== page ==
Put them to work. Send them to war. Or suffer the consequences. I was at a conference more than a dozen years ago when demographer, economist and author David Foote made those observations, explaining the choices leaders make when their country has a large population of young people.
Foote was the author of Boom, Bust and Echo: How to Profit from the Coming Demographic Shift, which when released in 1996 became a surprise bestseller. It introduced many of us to a different way of thinking about economics and how to understand the massive changes that were about to occur. The Australian-born University of Toronto professor backed up his assertions with historical evidence and he has proven to be an accurate predictor of how changing demographics affect economies and economies.
Each time I hear or read on the news about another country in turmoil I think about Foote’s commentary about where population growth was happening, which was and is predominantly in Muslim countries. He made no value judgments, just observations.
When a country’s population growth spurt leads to a large number of people in their 20s, he said, stability demands that they be kept occupied. There needs to be jobs for them to move into. Less desirably, but as effective, at least in the short term, is that they be sent to war, where they are kept well occupied. (Foote didn’t say this, but I will — the ones who are killed in battle help reduce the pressure when the fighting is over.) In the absence of either alternative, Foote said, a government can expect to face a restless demographic that has too much time on its hands. For a person in his or her 20s to get out of bed each day without a sense of hope and opportunity, the prospects become dismal and they respond as they have done historically—they turn to crime or mischief or, even, revolution.
While I haven’t followed Foote’s recent activities, I think it’s probably safe to say that he issued warnings about what was about to happen in the Middle East, with uprisings in Egypt, Syria and Libya showing that even populations in a dictatorship can rise up when they feel they have no future. And I’m certain he wouldn’t have been surprised by the rioting in France and England that has shocked much of the world. Both countries are facing economic challenges and offer dismal prospects to those entering the workforce, particularly ones who might be under-educated or members of visible minorities.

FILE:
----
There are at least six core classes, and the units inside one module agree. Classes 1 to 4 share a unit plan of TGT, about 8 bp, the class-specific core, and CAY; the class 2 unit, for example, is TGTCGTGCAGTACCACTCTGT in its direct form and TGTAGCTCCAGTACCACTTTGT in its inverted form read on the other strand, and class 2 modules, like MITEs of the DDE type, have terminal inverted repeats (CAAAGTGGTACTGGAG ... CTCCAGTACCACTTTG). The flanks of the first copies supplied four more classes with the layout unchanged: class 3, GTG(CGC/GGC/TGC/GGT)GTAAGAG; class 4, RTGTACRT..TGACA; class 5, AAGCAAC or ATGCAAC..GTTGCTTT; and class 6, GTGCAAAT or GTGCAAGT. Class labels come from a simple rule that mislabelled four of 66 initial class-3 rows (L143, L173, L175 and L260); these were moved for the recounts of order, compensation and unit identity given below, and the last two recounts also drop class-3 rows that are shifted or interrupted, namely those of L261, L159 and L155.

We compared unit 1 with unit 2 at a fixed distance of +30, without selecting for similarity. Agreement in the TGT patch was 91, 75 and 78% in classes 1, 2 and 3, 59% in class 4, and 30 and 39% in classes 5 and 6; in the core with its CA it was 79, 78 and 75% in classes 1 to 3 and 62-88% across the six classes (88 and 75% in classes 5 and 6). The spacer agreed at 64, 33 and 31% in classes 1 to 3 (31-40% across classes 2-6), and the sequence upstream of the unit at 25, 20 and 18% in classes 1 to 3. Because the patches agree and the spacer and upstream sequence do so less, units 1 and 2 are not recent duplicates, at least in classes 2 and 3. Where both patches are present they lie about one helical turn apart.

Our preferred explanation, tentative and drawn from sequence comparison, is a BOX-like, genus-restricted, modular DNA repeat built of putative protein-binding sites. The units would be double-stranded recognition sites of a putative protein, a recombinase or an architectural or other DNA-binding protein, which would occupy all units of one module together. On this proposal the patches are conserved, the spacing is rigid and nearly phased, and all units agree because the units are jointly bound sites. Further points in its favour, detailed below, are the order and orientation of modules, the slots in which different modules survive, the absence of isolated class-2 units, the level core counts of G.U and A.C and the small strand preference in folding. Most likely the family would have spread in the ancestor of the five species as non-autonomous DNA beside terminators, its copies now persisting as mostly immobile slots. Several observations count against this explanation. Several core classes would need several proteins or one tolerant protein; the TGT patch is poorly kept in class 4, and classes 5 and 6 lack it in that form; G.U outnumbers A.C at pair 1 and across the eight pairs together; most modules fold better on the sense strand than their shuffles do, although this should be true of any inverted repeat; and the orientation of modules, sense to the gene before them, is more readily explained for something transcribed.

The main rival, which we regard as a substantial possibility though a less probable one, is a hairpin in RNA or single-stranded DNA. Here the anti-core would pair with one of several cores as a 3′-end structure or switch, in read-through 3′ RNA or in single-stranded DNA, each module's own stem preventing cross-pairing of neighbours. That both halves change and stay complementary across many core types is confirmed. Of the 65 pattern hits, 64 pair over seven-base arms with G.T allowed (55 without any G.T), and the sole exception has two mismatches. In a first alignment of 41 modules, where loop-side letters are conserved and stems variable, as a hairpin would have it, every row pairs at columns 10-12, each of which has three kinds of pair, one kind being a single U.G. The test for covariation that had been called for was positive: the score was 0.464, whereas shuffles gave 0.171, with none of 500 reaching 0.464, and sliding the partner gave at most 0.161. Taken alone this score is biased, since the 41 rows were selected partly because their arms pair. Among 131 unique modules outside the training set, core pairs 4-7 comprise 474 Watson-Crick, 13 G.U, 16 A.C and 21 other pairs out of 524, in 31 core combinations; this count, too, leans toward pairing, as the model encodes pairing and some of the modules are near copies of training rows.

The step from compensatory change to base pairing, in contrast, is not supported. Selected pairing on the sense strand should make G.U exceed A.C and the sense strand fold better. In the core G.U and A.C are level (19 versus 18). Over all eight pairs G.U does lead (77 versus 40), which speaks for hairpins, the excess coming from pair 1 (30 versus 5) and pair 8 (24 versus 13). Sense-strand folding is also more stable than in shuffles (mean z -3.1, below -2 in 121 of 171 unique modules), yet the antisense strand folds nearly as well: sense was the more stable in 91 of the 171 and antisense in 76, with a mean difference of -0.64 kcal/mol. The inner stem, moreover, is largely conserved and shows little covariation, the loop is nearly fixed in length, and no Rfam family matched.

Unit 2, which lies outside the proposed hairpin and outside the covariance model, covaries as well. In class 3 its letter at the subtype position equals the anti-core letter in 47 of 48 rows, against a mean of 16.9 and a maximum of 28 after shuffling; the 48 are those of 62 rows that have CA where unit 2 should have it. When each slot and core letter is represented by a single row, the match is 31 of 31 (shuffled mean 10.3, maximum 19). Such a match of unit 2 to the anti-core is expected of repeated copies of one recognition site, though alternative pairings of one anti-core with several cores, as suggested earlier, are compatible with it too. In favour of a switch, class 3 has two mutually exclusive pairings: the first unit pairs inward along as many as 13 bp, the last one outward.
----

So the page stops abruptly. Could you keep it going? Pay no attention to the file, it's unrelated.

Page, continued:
Is dissent among youthful populations a sign of things to come? Count on it. With modern communications technology reaching into almost every corner of the world it becomes increasingly difficult to convince the poor that they should simply accept their fate and continue their daily scramble for food, clean water, housing and basic necessities. As they learn that not everyone on the planet is in the same boat, who can really be surprised when they decide to take matters into their own hands?
Sadly, looking for solutions might well be fruitless. Although some of the world’s natural resources are already being depleted, only continued population growth can fuel economic growth. Aging demographic segments need younger segments to provide the services they require and, being human, we certainly aren’t willing to make personal sacrifices for the benefit of future generations. That’s why most countries have run up enormous debts—we want to eat our cake and have it, too.
A few years after I saw Foote for the first time (in Eastern Canada), he spoke at another conference, this time in Vancouver. He asked a few people in the audience what town or city they lived in, then asked some, “So are you closing schools yet?” The answer, without exception, was yes. Demographic analysis 20 years ago had indicated what would happen, he said. Sadly, knowing what is about to happen doesn’t mean that we know how to change it.
Lorne Eckersley is the publisher of the Creston Valley Advance.